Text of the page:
How To Avoid Diminishing Returns For Ad Dollars


(By Bob McCurdy) It’s the 2018 planning season and each year, like clockwork, “point of diminishing returns” discussions come to the forefront in conversations with clients and planners. Here’s how you can be sure radio is part of an advertiser’s marketing approach.

Last week, I was working with an advertiser who was mapping out their 2018 marketing plan, a plan that is set to perpetuate a “siloed” media approach. There will be bits of print and digital but will be 95%+ TV. Their sales have been reasonably strong in ’17, which makes this media mix discussion more challenging but the sales in their overall sector were also robust and good selling is never wasted, particularly when supported by data.

My challenge is to illustrate how a more balanced media mix would generate even better results. Since they are in an “even keel mode,” my discussion is centering on:

  1. The understanding that all media plans can be refined and enhanced.
  2. There’s a point when no matter how much more effective any media channel might be initially that the next ad dollar would be better spent on another media channel.

Commspoint and Scarborough were utilized to establish that the heaviest TV viewers by the end of this year will have been exposed to their commercial 145 times. This type of frequency might make sense if the product was a FMCG (fast moving consumer good) that’s purchased several times/week, but not for this advertiser whose purchase cycle is annual+.

We might need to remind our kids 145 times to take out the garbage, but most marketing experts would agree that a frequency orgy of this magnitude is not the ideal strategy to optimize any media budget.

Next, Commspoint’s reach curve capability lent support to the idea of budget reallocation, as it highlighted that due to this advertiser’s sheer GRP tonnage, TV’s “reach potential” maxed out a mere 10 days into their 12 week flights. The discussion ended by noting that TV will not effectively reach all potential customers. Over 25% of the target demo (the lightest TV viewers) will have seen their messaging only 10x annually — less than once per month. Not good.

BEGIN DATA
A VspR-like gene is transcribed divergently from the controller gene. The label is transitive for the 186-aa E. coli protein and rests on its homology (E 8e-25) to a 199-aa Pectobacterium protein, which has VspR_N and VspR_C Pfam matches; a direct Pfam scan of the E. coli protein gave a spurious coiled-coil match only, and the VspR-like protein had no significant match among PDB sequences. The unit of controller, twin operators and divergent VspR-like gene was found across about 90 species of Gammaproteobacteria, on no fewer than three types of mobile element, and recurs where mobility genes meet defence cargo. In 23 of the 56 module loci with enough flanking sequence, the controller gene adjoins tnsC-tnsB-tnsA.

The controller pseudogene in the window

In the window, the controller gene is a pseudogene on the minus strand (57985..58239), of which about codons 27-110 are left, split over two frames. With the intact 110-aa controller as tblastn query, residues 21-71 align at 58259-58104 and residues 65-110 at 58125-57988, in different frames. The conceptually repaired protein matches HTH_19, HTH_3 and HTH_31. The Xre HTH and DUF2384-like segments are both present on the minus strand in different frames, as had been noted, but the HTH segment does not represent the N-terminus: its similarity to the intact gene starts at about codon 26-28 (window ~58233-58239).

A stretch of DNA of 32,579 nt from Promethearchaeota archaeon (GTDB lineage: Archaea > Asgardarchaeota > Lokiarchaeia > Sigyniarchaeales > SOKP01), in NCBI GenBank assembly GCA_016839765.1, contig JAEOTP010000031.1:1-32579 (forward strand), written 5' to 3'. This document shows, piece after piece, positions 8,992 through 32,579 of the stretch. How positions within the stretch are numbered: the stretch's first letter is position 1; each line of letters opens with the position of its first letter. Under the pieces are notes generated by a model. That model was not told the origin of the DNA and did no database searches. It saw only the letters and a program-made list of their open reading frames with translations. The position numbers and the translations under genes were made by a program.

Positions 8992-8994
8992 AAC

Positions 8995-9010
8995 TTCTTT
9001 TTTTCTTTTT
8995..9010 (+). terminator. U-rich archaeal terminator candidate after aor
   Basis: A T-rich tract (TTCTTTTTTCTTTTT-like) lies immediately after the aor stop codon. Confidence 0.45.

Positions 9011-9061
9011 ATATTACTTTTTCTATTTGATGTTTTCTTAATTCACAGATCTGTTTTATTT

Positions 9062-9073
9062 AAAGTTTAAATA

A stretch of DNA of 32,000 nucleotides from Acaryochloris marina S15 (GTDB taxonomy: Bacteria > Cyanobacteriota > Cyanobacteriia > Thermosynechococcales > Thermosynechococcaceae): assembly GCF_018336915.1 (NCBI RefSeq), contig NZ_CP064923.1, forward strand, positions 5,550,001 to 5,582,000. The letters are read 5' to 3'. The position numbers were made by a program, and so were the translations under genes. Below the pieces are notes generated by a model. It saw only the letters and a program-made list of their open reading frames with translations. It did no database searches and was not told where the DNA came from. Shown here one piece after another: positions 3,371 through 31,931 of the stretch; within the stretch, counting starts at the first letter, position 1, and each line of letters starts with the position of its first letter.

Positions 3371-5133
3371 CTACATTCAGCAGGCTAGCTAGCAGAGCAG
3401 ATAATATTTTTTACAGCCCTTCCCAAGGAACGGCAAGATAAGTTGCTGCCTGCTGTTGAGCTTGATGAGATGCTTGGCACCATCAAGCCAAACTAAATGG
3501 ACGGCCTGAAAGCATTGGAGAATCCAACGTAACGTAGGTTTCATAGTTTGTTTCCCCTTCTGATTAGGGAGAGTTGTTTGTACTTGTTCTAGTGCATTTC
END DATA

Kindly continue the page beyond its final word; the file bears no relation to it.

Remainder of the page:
Commspoint’s optimization option demonstrated that allocating a small percentage of their budget to radio would increase the lightest TV viewer’s exposure from 10x annually to 25x annually — a significant improvement against a consumer segment that has above-average purchasing power. The other benefit stressed for adding radio to the mix would be “encoding variability” — consumers exposed to the same message in different media will encode the messaging in a deeper, more complex, long-lasting manner.

Mounds of frequency is wasteful for one simple reason. In advertising, the first exposure typically has the most impact, the second exposure has impact but less than the first and the third exposure has impact but less than the second, etc. with each subsequent impression costing the same.

The ARF quantified the point of diminishing returns last year in their study, “How Advertising Works, Today,” concluding that, “Over-investing in one medium can have diminishing returns and cause sales to decline.”

They demonstrated that the 10th exposure to a banner ad is 40% as impactful as the first, the 20th exposure is only 11% as effective as the first, the 30th is only 2% as effective as the first, and the 40th actually began to have an overall negative impact. Is there any reason to believe it would be different for TV, radio, or print?

Once again accessing Commspoint, using the 40th exposure as a “negativity benchmark” and assuming that the ARF’s finding above is “directionally” applicable to TV, would mean that this advertiser’s messaging could potentially have a negative impact on 61% of their target consumers, which is the percent of their target demo that will be exposed to their commercial 40+ times annually. A bit of a stretch, maybe, as commercial negativity is the result of exposure cadence and other factors, but it made our point.

The bottom line is that even a slight reduction in TV dollars would enhance the productivity of their TV spend and bolster their TV generated ROI. Our discussion is centering on not using radio if there are any “extra dollars” but using radio to generate more bang for their advertising dollar.

The concepts discussed above can be reviewed with any of our “siloed” clients, as individual media channel over-indulgence more often than not leads to ad campaign under-performance.

Bob McCurdy is the Vice President of Sales for the Beasley Media Group and can be reached at [email protected]



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